Thomas Saalfied ‘Coalition Durability in Western Europe: Estimating the Influence of Institutions of Coalition Governance’

Gerry Stoker ‘Cross-Disciplinary Work on Governance: What is there to gain?’

Graham Smith ‘Governance and Citizen Participation’

Ed Phelps ‘Explaining Youth Turnout in the UK’

Simon Usherwood ‘The UK Independence Party’

John Craig ‘Case-based learning in Politics’

Lawrence Black ‘The free world’s largest youth political movement’: The Young Conservatives in the 1950s and 1960s

>The right stuff at SSEES

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The long running working-paper-in-the-making that I have co-written with Aleks Szczerbiak, Tim Haughton and Brigid Fowler on the comparative politics of the centre-right in Hungary, Poland and the Czech Republic gets an airing as a talk in at the SSEES European politics seminar series. Despite my hinting that this was not going to be rip roaring exposé of the far right quite a few SSEES students turn and there are some useful questions and comments.

Can Poland’s Law and Justice (Pis) really be classified as centre-right given its homophobia, links with the Catholic ultras and non-membership of the EPP? I stress that, as far as I know, PiS’s estrangement from the European People’s Party and membership of the Alliance for a Europe of Nations (AEN) in the European Parliament is self-chosen and that Hungary’s Fidesz (safely ensconsed in the EPP) is in many ways more radical. PiS is also a broad catch-all grou, which was one of our criteria for defining the centre-right. But, says another questioner, this rather undermines your argument that the Polish centre-right is fragmented as it has two quite large (if antagonstic) parties: PiS and the liberal-conservative Civic Platform (mentioned before in this blog). This is again a good point, although the division of the Polish right into equal sized conservative and liberal-conservative blocs still represents a failure to (re-)create an overarching bloc and both – having been founded in 2001 – are fairly new formations. Did we see the parties as catch in an ideology vs. strategy vs. interests trilemma? Well, sort of, ideology building required political focus that distracts from campaigning (and vice versa) but for us ideology was a kind of organizational glue and solution to collective action probelm more than anything.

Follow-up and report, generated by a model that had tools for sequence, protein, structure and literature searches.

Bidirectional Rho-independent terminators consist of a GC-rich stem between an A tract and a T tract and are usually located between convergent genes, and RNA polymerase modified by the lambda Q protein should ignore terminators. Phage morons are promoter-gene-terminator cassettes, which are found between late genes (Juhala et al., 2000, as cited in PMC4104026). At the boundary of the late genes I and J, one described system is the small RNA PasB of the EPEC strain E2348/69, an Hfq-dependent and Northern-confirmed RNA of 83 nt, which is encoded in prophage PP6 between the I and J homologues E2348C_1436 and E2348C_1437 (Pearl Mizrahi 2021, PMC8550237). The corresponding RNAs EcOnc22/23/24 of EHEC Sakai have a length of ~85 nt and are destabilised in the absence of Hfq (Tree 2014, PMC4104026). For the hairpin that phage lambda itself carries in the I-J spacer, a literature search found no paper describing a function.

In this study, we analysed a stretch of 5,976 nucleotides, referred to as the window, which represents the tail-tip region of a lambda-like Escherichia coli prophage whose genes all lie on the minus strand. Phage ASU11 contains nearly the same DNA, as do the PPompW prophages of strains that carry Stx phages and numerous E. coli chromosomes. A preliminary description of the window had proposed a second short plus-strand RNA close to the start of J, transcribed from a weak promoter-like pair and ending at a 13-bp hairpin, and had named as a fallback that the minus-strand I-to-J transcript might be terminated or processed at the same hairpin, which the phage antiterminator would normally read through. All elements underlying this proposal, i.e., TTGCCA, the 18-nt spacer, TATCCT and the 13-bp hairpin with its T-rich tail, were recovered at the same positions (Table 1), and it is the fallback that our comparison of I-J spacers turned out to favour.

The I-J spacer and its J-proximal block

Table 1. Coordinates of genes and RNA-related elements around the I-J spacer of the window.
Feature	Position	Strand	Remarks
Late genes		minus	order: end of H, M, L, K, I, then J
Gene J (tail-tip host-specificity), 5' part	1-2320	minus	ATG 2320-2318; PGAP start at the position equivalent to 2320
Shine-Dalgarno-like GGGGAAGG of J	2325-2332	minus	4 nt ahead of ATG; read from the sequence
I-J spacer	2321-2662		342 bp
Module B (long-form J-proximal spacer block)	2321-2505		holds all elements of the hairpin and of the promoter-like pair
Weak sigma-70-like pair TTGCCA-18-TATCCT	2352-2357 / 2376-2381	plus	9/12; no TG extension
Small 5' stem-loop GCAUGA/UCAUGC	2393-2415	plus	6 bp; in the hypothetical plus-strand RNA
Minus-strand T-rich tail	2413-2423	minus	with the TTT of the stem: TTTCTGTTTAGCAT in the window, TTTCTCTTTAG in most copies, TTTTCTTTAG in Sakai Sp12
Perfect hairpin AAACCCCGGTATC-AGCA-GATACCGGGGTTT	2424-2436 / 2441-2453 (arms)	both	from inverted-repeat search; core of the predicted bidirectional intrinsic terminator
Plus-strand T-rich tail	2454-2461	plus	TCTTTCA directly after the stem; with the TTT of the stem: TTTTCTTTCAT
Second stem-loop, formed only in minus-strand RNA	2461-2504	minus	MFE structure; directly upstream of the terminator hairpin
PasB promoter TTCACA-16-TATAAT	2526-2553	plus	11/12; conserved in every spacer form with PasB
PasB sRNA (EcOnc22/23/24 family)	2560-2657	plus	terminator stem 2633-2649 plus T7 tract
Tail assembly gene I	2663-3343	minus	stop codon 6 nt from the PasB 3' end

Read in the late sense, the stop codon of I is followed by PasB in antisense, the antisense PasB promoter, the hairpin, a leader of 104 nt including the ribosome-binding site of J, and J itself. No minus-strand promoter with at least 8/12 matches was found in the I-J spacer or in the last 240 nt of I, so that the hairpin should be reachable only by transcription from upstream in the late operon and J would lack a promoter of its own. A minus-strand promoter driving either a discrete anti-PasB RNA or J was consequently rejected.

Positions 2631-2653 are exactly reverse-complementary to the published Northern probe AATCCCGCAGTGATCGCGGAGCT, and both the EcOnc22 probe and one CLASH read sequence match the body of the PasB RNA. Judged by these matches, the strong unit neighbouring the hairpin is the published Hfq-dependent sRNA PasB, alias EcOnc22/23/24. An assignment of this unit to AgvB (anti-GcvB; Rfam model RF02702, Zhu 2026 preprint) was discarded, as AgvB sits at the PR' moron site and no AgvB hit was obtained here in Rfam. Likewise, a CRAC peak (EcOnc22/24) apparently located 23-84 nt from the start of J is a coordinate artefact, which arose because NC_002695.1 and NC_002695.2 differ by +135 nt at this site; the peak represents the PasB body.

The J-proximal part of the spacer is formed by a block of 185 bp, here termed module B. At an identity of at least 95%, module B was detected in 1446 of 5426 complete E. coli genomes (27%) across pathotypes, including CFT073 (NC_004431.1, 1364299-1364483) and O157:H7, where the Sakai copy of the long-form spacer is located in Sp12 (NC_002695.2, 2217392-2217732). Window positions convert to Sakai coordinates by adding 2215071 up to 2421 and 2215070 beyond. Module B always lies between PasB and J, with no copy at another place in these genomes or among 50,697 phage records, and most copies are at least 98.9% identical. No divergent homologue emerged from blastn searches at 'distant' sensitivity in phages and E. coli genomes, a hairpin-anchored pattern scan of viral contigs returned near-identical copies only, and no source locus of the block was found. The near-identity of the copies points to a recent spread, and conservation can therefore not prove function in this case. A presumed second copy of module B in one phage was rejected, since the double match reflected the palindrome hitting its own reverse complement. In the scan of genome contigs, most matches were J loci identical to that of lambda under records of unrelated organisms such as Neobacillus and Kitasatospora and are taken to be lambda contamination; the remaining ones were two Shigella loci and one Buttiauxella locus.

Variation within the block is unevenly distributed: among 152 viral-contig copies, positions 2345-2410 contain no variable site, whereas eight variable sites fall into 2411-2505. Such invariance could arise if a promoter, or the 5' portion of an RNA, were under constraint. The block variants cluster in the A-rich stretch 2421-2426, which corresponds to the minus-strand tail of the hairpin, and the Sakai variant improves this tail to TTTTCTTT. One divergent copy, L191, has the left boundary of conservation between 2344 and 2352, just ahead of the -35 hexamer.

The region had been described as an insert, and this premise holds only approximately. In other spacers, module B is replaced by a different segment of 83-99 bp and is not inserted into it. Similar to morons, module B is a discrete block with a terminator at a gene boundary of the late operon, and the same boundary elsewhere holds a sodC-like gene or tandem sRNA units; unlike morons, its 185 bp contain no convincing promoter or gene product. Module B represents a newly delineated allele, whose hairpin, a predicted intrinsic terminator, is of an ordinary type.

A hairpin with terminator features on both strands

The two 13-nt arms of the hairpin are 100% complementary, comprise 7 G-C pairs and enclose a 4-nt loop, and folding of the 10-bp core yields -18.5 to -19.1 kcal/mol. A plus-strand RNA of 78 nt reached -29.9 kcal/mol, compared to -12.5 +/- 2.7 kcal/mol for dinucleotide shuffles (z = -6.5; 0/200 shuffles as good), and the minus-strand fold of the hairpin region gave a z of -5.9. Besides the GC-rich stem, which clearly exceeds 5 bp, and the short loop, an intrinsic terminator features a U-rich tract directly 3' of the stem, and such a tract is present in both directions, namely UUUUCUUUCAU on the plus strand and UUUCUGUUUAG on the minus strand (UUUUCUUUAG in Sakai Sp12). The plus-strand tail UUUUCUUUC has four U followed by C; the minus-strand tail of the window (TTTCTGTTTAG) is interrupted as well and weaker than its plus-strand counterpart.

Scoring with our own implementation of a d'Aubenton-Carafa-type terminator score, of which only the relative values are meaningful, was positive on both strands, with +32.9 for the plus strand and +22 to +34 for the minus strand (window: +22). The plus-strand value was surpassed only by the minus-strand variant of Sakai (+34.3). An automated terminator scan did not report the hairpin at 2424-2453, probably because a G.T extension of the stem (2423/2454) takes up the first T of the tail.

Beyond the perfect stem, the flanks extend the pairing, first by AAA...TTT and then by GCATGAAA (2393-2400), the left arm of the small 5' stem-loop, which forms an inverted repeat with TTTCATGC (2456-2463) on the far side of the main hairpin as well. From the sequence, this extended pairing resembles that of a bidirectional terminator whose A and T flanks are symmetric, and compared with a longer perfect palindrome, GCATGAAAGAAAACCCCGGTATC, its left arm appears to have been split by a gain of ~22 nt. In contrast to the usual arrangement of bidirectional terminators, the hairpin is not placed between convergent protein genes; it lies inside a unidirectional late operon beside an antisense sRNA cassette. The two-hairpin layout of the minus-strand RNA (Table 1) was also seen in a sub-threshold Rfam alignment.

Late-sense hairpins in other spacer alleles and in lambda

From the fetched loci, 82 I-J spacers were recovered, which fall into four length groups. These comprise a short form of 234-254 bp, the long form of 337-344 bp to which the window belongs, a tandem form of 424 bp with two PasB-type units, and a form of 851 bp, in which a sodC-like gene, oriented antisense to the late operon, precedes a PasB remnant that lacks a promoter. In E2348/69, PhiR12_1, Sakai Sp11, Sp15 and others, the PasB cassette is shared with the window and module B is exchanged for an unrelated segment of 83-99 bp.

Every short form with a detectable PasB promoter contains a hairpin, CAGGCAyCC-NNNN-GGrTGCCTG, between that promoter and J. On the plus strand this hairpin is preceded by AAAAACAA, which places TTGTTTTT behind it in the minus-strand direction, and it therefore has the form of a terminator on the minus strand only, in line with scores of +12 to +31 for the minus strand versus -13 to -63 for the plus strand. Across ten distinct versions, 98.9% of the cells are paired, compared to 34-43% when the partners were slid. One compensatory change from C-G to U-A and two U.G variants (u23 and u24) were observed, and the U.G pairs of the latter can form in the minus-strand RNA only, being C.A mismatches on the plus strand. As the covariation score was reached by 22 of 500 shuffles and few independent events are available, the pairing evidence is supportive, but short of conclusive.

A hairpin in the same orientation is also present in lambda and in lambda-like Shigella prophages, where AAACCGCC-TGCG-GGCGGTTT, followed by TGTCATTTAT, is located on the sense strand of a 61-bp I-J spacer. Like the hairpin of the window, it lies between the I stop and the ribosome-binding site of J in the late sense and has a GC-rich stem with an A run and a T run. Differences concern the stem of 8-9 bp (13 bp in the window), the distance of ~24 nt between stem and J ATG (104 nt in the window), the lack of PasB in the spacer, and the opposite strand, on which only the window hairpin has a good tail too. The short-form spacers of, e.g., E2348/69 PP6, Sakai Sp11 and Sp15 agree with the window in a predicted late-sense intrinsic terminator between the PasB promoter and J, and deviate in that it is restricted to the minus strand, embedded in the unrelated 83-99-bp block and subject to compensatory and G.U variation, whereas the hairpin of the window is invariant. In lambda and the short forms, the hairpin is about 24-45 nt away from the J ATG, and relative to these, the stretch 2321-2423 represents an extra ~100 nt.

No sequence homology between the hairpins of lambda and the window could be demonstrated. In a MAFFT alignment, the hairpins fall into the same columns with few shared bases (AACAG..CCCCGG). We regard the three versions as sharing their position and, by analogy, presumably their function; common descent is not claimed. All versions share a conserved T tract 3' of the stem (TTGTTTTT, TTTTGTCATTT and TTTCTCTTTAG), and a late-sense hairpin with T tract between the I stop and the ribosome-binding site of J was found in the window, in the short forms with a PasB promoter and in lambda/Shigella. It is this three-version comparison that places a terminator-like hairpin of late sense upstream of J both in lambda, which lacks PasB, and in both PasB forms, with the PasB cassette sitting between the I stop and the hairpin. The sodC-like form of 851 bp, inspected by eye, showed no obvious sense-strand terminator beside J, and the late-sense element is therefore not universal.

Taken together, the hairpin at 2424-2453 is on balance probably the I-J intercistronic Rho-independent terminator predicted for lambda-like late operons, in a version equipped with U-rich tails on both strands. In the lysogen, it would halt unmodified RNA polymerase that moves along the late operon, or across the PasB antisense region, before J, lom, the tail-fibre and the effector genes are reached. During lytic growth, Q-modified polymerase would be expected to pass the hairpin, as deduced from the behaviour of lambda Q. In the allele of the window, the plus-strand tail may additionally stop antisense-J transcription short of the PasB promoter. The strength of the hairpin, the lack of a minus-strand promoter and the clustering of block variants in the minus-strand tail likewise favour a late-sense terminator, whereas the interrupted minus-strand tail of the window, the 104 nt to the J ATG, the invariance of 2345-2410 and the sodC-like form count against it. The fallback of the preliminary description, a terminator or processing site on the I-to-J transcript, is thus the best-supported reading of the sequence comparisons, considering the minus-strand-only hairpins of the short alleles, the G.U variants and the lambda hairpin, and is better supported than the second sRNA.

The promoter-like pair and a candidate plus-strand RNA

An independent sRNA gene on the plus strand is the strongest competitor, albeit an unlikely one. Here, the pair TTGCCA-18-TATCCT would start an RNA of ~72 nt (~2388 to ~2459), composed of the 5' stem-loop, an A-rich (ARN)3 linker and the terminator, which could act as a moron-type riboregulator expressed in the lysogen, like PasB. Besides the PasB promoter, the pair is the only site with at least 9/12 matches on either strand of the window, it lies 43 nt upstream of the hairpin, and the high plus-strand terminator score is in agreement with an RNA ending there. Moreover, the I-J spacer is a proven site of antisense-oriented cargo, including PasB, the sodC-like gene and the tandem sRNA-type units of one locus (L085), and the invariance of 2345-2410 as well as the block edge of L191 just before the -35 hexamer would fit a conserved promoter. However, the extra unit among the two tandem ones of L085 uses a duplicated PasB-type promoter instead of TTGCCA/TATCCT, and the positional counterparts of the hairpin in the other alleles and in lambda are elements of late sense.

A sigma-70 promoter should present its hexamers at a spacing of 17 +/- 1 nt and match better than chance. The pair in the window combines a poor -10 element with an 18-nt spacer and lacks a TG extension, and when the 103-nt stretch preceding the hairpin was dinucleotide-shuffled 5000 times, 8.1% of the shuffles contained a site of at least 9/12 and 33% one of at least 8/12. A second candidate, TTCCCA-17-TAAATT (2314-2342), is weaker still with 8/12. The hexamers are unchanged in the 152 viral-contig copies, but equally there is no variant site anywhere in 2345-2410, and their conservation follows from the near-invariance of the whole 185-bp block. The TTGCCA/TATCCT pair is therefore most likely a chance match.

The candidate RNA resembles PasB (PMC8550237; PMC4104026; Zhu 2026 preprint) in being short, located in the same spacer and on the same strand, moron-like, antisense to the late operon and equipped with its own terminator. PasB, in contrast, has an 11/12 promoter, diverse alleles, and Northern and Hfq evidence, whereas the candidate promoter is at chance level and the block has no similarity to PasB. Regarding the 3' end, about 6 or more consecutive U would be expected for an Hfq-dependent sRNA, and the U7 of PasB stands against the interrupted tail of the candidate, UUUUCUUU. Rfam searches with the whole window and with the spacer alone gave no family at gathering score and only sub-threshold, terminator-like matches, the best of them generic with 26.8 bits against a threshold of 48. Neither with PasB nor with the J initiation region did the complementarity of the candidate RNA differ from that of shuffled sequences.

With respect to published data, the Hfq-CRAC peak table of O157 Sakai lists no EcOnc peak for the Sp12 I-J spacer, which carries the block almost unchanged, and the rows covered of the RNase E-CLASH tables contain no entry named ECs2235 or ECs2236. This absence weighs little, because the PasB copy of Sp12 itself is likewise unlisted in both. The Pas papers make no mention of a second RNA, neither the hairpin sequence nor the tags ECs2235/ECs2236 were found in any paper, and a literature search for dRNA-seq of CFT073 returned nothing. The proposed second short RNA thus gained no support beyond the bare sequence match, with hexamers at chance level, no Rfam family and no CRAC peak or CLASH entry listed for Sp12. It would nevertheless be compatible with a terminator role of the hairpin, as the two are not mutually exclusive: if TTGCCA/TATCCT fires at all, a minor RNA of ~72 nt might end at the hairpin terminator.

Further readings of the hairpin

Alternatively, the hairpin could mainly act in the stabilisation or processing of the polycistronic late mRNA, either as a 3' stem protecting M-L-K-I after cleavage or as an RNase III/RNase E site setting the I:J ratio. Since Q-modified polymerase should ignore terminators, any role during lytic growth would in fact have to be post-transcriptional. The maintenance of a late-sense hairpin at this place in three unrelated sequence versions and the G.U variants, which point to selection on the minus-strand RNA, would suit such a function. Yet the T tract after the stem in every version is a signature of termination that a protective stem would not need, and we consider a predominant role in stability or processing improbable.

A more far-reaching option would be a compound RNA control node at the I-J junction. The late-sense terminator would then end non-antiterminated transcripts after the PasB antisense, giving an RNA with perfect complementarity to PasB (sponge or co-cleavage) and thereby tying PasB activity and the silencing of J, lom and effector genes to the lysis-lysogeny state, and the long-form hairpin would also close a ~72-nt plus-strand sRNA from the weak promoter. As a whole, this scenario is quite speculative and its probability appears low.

More trenchant theoretical criticism comes from my SSEES colleague Felix Ciuta. As a security theorist of a constuctivist inclination, he doesn’t like my reservations about our emerging stress on ideology. It may be unmeasurable in many ways, but so (ultimately) are many things and my preferred stress on the cohesion of party founding elites is arguably an illustration of this. More seriously, he argues our whole analysis despite testing various theoretical explanations is very much geared towards various forms of elite action – the supply side, so to speak of party formation and we ignore (or just assume) electoral demand for centre-right parties of various stripes. This is a perceptive observation, although I felt that the different explanations we look at to explain centre-right party success (legacies and resources, electoral and constitutional incentives, path dependency and critical junctures) cast elites in slightly different roles.

Moreover, Felix noted, my concluding remarks that studies (of the right) in CEE needed to be more aware of the role informal elite networks played in party formation and stabilization and less fixated with formal institutional models, was, from a Romanian perspective, bleedin’ obvious (my paraphrase, not his words). In Romania (and many post-Soviet points East) parties are self-evidently vehicles for elite networks. At the very least, ideology and elite cohesion should really be the starting point not the end point – I was quite sure whether to be pleased or despair at an invitation to write another on a 15,000 word paper, althought there was a certain iron logic to it.